In the last few years, noisy groups of adolescent starlings have become a feature around the Forum in Norwich City centre. Every evening from mid-summer onwards, 100-200 birds have collected together on the tower of St Peter Mancroft Church where their chattering regularly draws the attention of passers-by. The birds would leave well before dusk and so this was clearly a pre-roost gathering, but I was uncertain where the roost was located.
Numbers seemed to increase in the late autumn in 2014 and by November there were perhaps 350 birds present around the church on most afternoons. This starling flock was clearly not the only one in the city centre and, with increasing numbers of birds present, it soon became clear where they were congregating. By early January 2015 the citizens of Norwich were being treated to nightly spectacles of over 1000 birds performing their aerial dance over St Stephens Street. Appearing at just before dusk each night, the wheeling, turning and swooping flock was visible over a wide area with good viewing points at the junction of Westlegate and Red Lion Street, and from cars negotiating the St Stephen’s Street roundabout in rush hour. Just after the sun set, the starlings settled into their communal roost on rooftops between Surrey Street and St Stephens.
Perhaps surprisingly, it was not until the 29th of January that the spectacle was described in the local press (here) and NBIS posted links to video footage on their Facebook page. Subsequently the mumuration was shown on the BBC local news.
How unusual is this event?
The Norfolk Bird Atlas (Taylor & Marchant, 2011) states that starlings tend to be “less conspicuously urban in winter” and it appears that this is the first time – at least for some years – that a congregation of starlings of this magnitude has occurred in the city centre.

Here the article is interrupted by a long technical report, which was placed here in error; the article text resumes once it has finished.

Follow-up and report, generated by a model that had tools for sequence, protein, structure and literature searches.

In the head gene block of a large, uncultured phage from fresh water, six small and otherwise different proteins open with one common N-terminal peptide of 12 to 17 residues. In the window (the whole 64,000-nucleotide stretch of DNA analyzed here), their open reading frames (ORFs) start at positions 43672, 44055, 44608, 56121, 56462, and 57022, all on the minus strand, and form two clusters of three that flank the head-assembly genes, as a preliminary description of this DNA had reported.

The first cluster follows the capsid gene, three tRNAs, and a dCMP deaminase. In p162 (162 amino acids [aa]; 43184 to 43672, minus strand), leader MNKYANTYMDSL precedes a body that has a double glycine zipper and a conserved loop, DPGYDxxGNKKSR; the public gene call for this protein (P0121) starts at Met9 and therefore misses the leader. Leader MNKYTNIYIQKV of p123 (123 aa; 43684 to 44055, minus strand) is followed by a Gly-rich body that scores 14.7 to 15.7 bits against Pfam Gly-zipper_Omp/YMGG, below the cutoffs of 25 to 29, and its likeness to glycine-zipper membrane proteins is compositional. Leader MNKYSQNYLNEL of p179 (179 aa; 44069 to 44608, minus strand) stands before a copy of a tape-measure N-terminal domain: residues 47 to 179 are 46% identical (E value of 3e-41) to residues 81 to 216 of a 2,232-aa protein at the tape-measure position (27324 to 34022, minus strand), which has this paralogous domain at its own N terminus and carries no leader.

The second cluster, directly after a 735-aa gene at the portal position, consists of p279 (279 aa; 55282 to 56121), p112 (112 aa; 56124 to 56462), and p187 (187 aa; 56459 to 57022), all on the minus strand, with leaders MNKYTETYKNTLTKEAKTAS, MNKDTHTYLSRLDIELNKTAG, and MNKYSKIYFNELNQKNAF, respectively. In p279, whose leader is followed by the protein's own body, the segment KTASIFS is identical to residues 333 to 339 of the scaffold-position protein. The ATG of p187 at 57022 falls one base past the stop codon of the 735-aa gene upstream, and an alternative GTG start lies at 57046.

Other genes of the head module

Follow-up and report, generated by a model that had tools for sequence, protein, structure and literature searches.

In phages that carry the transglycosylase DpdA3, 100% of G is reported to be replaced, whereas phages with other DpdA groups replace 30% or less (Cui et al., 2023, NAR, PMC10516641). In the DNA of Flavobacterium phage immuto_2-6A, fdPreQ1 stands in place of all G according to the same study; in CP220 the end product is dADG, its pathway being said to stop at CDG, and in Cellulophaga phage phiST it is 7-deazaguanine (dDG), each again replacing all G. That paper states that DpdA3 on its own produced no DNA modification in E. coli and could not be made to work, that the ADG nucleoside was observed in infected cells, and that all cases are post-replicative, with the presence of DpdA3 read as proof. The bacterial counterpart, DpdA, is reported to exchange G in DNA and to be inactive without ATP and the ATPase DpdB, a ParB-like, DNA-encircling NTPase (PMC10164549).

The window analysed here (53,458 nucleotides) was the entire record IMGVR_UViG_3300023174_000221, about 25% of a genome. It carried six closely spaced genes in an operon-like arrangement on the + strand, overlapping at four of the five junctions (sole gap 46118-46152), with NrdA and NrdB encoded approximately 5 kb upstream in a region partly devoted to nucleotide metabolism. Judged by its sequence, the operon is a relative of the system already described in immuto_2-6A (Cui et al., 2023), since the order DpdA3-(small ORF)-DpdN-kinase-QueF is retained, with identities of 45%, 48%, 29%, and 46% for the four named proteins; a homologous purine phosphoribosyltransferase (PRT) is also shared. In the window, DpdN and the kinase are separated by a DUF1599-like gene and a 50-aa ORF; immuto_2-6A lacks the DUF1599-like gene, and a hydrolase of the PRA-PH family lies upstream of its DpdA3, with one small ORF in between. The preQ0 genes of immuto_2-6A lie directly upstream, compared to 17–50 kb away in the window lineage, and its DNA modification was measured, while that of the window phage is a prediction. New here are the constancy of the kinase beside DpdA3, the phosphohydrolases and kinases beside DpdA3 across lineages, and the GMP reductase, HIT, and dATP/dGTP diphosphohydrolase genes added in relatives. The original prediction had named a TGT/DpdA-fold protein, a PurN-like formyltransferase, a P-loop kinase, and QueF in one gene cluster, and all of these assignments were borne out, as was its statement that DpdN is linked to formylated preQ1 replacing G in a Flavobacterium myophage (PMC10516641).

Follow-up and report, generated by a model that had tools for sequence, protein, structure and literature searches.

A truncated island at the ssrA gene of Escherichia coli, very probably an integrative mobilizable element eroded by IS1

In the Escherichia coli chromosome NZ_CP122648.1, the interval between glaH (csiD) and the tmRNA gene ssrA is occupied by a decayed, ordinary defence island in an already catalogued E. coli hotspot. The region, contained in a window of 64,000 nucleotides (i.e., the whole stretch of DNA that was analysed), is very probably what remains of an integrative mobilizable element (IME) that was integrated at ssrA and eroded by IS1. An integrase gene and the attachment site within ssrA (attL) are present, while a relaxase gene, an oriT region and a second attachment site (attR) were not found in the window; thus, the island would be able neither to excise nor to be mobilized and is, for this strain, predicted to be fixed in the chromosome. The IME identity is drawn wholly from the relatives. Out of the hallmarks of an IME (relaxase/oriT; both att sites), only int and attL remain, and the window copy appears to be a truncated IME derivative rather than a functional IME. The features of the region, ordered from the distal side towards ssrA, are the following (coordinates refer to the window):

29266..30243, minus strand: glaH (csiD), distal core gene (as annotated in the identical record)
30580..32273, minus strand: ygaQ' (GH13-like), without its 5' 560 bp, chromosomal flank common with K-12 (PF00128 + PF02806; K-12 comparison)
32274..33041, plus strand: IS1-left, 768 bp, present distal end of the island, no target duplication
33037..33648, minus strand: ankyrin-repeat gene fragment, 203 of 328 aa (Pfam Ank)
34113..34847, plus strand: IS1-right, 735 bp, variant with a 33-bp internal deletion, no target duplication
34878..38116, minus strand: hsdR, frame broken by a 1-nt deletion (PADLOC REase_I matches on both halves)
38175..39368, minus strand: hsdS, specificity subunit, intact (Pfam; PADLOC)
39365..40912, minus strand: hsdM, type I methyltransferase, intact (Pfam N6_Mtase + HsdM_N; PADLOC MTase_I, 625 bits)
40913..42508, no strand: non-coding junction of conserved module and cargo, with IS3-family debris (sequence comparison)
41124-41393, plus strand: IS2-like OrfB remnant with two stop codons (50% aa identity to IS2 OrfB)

So where have they come from?
Has the local starling population significantly increased, or is it that an existing roost has relocated? Traditionally in winter, starling numbers in Norfolk are boosted by birds arriving from the continent but the Atlas notes that far fewer having been arriving in recent years. My impression is that there has been a bigger influx this year. But the increase in young starlings around the Forum in late summer could indicate that numbers of birds within the city are genuinely increasing. If this is the case, the reasons why are unclear. It will be interesting to see if the mumurations are a one-off or will continue in future years.
Whilst not the largest murmuration in Norfolk, the city centre starling flock has to be one of the easiest to see. I have enjoyed watching the birds, but it has been equally fascinating watching the reactions of shoppers and commuters. A starling mumuration appears to be one of our wildlife spectacles that literally stops people in their tracks.
Written by David White, Senior Green Infrastructure Officer with Norfolk County Council